I can claim a degree of novelty – my test was carried out by the Icelandic genomics giant deCODEme, rather than the more ubiquitous 23andMe. I also promise to keep nothing back, I have copied every shred of my raw data directly into this post.
Given my DNA is in part owned by my family, I was not planning to divulge all the results. But investigating the raw data has made me comfortable that what lies underneath holds no great secrets.
I took the cancer scan, which generates risk assessments for seven common cancers. The results are revealed one at a time, like flipping cards in a hand of morbid poker.
Here is the first one:
The 1.0 in the middle of the bar is average risk, anything lower and greener is good, to the right and red is bad. So this is good, and as I click through the list my heart rate increases and my palms become clammy.
I feel like I’m on a roll now, how long will the luck last?
A great result as I have a family history of breast cancer.
I’m now aiming for a full house, so the next one is a letdown:
I hadn’t picked up that being female I would only get six and not seven results. I had even spent time thinking through how a high risk prostate cancer value could affect my close male relatives.
The rush of luck is over - the remaining three results sit close to the centre line (although I struggle to gain any extra insight from the numbers being quoted to two decimal places):
Each result was preceded by a critical health information page which I dismissed without reading (the first time guiltily, subsequently with abandon). My brain was viscerally primed to uncover my cancer risks and I was too impatient to digest details.
Later, when I had calmed down, I had to hunt around to trace the information again, and the option of accessing it straight after the results would have been useful. This illustrates a key dilemma in dispensing genetic information direct to consumers – how do you ensure they read the small print?
I was keen to download my raw data to see what was behind the headlines. After spotting a warning that scan results could contain one million lines of data, I pressed the download button and went to make a cup of tea. The file downloaded instantly, here it all is:
In terms of base pairs for your buck, the test does not score highly, and it won’t be long before the $500 USD price tag will buy me all my 3 billion bases rather than just 33 select ones.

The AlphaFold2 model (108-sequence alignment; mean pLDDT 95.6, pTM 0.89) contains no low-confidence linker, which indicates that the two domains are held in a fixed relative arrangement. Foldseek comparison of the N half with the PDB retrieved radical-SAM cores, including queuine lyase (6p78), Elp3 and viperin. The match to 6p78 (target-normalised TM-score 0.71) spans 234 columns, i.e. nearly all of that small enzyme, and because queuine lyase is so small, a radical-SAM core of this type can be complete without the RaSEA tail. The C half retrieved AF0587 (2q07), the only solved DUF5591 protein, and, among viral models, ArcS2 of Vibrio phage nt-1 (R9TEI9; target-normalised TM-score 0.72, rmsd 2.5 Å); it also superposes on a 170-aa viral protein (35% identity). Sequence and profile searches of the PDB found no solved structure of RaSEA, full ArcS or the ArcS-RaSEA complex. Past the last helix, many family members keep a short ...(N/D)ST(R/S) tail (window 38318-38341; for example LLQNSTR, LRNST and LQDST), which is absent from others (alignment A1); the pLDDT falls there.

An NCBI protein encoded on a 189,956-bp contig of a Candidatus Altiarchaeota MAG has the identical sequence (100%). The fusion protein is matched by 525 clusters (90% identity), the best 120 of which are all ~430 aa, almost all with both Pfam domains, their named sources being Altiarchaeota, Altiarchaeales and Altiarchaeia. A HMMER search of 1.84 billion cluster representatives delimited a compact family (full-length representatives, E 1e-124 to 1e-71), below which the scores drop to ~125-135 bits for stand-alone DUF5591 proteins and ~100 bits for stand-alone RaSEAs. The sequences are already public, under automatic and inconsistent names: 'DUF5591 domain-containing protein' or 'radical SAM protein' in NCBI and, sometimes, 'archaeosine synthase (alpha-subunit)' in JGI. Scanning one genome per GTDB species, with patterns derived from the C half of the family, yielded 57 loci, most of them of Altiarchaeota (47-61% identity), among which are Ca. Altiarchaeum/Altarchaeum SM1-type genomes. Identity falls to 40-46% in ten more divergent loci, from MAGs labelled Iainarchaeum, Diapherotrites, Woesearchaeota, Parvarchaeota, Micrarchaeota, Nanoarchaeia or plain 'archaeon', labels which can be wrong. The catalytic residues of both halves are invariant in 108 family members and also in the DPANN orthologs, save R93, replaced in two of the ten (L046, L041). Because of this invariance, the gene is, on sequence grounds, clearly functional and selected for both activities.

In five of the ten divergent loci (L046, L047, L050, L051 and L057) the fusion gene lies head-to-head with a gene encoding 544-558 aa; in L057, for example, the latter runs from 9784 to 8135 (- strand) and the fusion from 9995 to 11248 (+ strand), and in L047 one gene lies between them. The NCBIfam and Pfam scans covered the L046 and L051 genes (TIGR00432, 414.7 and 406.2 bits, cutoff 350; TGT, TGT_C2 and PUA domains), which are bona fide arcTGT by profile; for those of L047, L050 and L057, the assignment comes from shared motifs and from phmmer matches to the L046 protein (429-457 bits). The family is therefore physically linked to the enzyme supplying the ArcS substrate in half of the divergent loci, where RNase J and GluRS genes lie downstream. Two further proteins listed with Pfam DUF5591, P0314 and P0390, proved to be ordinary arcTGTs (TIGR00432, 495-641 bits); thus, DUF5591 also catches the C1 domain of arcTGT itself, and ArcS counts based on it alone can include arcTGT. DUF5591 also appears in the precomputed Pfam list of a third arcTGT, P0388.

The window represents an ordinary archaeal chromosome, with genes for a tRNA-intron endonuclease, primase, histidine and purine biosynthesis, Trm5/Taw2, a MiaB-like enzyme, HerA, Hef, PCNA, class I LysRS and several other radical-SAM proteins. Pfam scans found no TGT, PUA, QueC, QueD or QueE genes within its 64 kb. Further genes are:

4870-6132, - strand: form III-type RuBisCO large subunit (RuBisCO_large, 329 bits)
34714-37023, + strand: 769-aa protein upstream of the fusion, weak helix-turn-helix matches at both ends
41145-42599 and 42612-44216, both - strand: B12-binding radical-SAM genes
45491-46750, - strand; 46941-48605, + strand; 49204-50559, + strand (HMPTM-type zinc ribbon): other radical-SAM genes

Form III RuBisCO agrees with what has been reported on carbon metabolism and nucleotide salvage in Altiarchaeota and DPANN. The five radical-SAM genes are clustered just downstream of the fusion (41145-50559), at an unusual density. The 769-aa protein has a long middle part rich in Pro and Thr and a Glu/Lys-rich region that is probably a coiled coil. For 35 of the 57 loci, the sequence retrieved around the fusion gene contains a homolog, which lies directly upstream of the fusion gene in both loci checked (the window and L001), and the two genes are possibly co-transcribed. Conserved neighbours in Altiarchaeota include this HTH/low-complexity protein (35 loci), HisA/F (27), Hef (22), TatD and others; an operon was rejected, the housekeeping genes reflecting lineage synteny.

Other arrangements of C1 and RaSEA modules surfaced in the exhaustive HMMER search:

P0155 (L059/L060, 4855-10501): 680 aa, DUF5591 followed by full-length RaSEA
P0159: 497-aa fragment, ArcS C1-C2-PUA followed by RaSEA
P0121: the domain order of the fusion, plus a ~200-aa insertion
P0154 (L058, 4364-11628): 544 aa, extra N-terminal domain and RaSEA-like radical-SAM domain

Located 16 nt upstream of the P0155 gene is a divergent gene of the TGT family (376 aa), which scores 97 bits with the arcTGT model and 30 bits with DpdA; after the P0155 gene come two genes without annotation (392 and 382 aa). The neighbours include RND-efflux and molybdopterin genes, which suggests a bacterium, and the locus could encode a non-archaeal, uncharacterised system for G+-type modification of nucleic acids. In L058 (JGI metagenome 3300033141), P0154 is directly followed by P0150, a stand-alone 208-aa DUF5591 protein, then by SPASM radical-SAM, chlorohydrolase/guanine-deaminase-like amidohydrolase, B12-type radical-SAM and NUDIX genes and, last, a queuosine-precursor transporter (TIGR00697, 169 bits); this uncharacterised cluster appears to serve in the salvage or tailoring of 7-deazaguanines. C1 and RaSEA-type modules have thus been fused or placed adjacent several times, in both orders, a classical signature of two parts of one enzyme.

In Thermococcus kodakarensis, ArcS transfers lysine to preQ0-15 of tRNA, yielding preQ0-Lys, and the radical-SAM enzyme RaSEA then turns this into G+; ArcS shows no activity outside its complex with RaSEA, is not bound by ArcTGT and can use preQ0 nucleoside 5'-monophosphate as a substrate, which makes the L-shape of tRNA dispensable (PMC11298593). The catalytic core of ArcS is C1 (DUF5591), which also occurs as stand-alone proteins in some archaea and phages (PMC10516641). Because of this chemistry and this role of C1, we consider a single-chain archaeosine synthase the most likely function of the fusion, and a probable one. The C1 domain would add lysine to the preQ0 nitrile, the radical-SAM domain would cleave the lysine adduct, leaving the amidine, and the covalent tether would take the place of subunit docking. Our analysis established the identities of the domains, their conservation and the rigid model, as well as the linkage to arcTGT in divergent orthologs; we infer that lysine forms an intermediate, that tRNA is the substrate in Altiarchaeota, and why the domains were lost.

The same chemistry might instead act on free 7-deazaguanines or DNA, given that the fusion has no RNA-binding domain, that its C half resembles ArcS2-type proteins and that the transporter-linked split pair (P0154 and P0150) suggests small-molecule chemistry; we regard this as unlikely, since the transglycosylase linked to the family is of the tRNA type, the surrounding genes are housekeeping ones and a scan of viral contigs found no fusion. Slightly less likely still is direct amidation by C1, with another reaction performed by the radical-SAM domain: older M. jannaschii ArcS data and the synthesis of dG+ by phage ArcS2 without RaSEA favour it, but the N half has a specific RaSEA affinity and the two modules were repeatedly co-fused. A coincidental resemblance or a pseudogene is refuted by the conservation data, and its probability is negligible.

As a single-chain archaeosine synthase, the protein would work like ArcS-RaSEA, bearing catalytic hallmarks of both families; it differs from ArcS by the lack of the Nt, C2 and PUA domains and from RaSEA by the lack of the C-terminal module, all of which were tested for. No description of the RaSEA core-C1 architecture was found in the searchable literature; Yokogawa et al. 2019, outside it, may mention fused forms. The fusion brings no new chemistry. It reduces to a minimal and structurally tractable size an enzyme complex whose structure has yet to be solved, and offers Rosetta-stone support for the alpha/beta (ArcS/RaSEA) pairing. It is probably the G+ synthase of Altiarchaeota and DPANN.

The test's real value comes from areas in which deCODEme excel: the painstaking discovery of meaning hidden in sequence muddle and the careful communication of the resulting risk factors.
Finding even a handful of SNPs that reproducibly effect cancer risk is a tour de force of genetics. When I drill down to the peer reviewed papers behind each data point I can see that deCODE genetics have carried out the bulk of this work. The scientific details reveal a mountain of research, with data from tens of thousands of people used to define each SNP.
To understand the significance of my lower risk results I need to take the population frequency of each cancer into account. For both bladder and breast cancer my lovely green arrows translate to only a small decrease in absolute risk. Combined with the three results clustered around 1.0, this makes me a resounding Mrs Average for five out of six of the cancer types.
Only basal cell carcinoma is left. This gave my biggest risk swing and is the most prevalent of the cancers tested, affecting 25% of the population. The results reduce my personal risk to 16.5% – the only number in the whole test that stands out.
The decreased risk is reassuring but will not make me lax about using sunscreen. If anything the numbers have made me more vigilant – I didn’t realise that basal cell carcinoma was so prevalent. And despite this being is my lowest relative risk, the high background level means it is still my highest absolute risk.
However, even for the basal cell result, any sense of deviation from the mean disappears as I drill down to the three constituent SNPs. All are pretty average too – each present in more than 40% of the population. Individually they confer a slight decrease in risk, and it is only their combination by multiplication that gives an overall risk well below average.
By exploring my data I feel like I’ve descended from the heightened emotion of the headline results to a baseline of bog standard DNA. It is the very ordinary nature of the data that makes me happy to share everything here.
Although it is boring to be average, this is one time I’m thankful to be part of the crowd. Middling results are by no means guaranteed – you could learn you have 2.3 times the background risk of breast cancer (giving a lifetime risk of 28%) or over four times that of prostate cancer (lifetime risk of 66%). For a minority of customers, the results could be far from mundane.
For me, the process of taking the test has been much more educational than the test results themselves. The deCODEme website is full of well presented pre- and post-test information, and their email support has been prompt and factual. The scan has made me mull over ownership of my DNA and I’ve been inspired to look into my family history.
Even if genomic fatigue sets in and we tire of hearing about other people’s genotyping results I don’t believe we will ever stop being fascinated by our own, even the bits that are rather bland.
A review of the Association of British Science Writers genetics testing conference session
Questions to ask before buying an internet genetics test
The test was donated by deCODE to the Association of British Science Writers for their annual conference.